The Wheelabrator Kemsley (K3) generating station is a 49.9MW waste-to-energy combined heat and power (CHP) generating facility located in Kent, England, UK.
The facility generates electricity from post-recycled solid recovered fuel waste, commercial and industrial waste, and pre-treated municipal solid waste. The electricity generated by the facility is expected to power approximately 146,180 homes.
The construction was started in 2016 and the facility, developed with an estimated investment of £340m, came online for commercial operations in July 2020.
The K3 facility has the potential to be upgraded further to 75MW capacity with a total waste throughput capacity of 657,000 tonnes per annum (tpa). A development consent order (DCO) application for the upgrade was submitted in 2019 and a decision on the same is expected in early 2021.
Project ownership and objective
The K3 generating station is owned and developed by Wheelabrator Technologies (WTI), a subsidiary of the US-based company, Macquarie Infrastructure and Real Assets.
WTI also owns several other waste-to-energy power plants in England that include the proposed 42MW Wheelabrator Kemsley North (WKN) plant adjacent to the K3 site.
WTI will also undertake the operations and management (O&M) activities for the project.
The Kent County Council granted permission for the K3 project development in 2012 following the award of an environmental permit in 2011.
The proposal defined the project’s objective as to be connected to the national grid and supply electricity to the nearby Kemsley paper mill.
K3 generating station location and site details
The project is located in the Kent county of England with its sister project WKN next to it. Land for the project was obtained from DS Smith Paper which operates the Kemsley Paper Mill on the adjacent land.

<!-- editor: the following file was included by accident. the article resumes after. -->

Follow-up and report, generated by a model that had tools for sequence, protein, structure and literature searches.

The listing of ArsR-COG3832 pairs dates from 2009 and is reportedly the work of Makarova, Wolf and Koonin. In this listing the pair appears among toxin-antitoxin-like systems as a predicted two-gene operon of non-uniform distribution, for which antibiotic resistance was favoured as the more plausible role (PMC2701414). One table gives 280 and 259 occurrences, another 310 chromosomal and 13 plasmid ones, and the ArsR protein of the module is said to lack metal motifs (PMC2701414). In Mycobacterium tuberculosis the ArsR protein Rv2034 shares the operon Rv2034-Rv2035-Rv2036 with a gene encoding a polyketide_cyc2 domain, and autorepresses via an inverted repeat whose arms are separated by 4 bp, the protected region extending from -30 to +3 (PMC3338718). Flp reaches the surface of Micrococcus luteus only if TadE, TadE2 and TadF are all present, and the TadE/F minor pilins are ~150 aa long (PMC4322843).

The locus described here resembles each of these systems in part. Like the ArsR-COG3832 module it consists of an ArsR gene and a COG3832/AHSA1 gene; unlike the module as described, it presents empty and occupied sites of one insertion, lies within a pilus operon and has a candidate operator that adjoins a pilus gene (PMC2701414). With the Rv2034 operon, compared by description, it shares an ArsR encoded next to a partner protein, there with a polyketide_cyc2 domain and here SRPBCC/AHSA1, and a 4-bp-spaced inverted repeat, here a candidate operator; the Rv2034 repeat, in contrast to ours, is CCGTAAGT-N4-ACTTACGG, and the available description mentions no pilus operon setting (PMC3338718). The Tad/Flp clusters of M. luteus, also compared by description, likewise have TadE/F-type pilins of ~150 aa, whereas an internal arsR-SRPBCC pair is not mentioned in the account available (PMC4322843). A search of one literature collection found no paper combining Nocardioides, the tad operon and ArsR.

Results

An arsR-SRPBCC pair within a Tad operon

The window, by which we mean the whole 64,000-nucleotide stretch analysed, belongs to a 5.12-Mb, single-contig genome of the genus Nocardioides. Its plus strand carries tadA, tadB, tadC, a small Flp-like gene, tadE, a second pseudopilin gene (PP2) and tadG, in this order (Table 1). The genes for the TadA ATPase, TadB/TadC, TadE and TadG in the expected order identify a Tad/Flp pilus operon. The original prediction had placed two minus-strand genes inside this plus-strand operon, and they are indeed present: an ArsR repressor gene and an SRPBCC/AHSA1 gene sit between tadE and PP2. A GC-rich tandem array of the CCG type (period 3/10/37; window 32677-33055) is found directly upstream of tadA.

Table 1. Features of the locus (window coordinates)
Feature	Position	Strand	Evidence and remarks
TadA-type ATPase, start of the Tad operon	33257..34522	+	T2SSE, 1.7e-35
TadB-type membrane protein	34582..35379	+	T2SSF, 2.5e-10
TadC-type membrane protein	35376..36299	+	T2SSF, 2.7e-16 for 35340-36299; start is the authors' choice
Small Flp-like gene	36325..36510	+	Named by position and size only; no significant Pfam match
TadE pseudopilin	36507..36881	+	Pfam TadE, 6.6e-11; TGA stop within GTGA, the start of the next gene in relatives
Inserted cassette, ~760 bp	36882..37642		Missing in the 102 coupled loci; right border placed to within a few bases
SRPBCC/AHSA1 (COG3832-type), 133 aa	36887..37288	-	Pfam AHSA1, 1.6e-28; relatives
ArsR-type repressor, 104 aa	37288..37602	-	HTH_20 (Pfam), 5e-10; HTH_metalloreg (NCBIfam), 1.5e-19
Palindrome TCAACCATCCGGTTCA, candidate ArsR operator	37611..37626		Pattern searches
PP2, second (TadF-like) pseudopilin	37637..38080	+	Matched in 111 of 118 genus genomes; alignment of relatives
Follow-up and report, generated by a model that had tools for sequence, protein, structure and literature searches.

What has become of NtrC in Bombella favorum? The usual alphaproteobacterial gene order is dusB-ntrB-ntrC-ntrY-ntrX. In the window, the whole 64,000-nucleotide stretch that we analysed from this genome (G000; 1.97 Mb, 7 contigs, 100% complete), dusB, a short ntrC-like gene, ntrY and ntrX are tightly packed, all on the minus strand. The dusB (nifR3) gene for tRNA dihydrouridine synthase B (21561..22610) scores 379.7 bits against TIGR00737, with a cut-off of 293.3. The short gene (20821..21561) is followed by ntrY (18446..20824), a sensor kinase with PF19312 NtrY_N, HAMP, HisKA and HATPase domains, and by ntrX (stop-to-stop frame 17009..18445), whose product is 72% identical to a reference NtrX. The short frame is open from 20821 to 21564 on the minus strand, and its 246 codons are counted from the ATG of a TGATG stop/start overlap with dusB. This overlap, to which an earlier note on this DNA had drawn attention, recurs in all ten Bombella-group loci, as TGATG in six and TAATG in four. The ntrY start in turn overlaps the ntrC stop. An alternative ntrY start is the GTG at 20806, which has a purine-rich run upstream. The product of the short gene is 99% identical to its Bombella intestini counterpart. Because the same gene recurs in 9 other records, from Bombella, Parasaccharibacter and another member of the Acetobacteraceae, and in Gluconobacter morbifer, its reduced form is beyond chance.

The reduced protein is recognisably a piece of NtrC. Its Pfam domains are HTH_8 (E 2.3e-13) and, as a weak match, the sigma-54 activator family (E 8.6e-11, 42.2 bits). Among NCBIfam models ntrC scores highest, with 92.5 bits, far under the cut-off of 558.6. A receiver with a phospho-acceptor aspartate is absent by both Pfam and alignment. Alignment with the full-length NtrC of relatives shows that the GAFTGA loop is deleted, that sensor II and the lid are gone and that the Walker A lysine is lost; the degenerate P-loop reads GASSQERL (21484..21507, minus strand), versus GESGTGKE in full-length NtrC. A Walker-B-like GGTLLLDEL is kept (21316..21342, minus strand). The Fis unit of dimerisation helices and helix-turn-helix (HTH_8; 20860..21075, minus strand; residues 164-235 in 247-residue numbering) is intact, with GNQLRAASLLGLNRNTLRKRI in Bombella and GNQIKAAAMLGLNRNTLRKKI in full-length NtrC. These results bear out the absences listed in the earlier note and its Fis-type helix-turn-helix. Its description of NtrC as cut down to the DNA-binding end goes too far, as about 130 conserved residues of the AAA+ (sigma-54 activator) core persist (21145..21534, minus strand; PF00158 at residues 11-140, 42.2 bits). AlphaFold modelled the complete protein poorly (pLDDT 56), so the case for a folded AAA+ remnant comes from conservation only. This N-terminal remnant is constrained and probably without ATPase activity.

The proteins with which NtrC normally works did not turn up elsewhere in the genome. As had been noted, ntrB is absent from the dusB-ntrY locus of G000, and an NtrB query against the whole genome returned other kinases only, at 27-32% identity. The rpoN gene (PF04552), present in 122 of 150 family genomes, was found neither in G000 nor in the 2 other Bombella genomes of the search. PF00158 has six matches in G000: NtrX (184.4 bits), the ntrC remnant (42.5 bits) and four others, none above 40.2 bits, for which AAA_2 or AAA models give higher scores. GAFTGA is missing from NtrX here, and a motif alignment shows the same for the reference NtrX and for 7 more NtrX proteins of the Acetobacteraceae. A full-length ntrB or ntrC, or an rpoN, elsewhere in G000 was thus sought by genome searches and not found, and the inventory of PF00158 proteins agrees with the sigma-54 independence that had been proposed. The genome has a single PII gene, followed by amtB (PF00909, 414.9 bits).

The project site is to the east of Kemsley residential suburb, in the north of Sittingbourne in Kent, and lies adjacent to the Swale Estuary, beyond the Isle of Sheppey.
Wheelabrator Kemsley waste to energy facility
The plant currently has the capability to process 550,000tpa of waste, which can be increased by an additional 107,000tpa to upgrade the plant’s capacity to 75MW.
The K3 facility comprises a waste fuel reception hall and bunker, a boiler house featuring moving grate technology, air-cooled condensers, power generation, and export facility, two stacks of flue gas treatment plant each measuring 90m in height.
Half of the electricity generated from the K3 CHP facility will be purchased by the UK government under a 15-year contract at a strike price of £83.23 per MWh.
The K3 facility will consume an estimated 8,080tpa of hydrate lime, 1,56tpa of solid urea, 192tpa of activated carbon, and 362tpa of low sulphur diesel. Total water consumption is estimated to be 24,073 cubic meters per annum.
Up to 75% of the fuel will be procured from various top waste management companies at a fixed prices for terms ranging from five to 15 years.
K3 project financing
The financial closure for the K3 waste-to-energy facility was reached in August 2016 upon receiving necessary planning and permitting approvals.
The project secured more than £300m from a group of lenders including Green Investment Group, which committed £80m of senior debt, as well as Barclays, Bank of Tokyo-Mitsubishi UFJ (BTMU), Natixis, and Investec.
Arup Consulting Engineering was appointed as the lead building designer for the CHP project. The scope of the contract included civil, structural, and geotechnical engineering, as well as the review of mechanical, electrical, and plumbing building services.
The main and civil construction contracts were awarded to UK-based Clugston Construction and French-based Constructions industrielles de la Méditerranée (CNIM), respectively.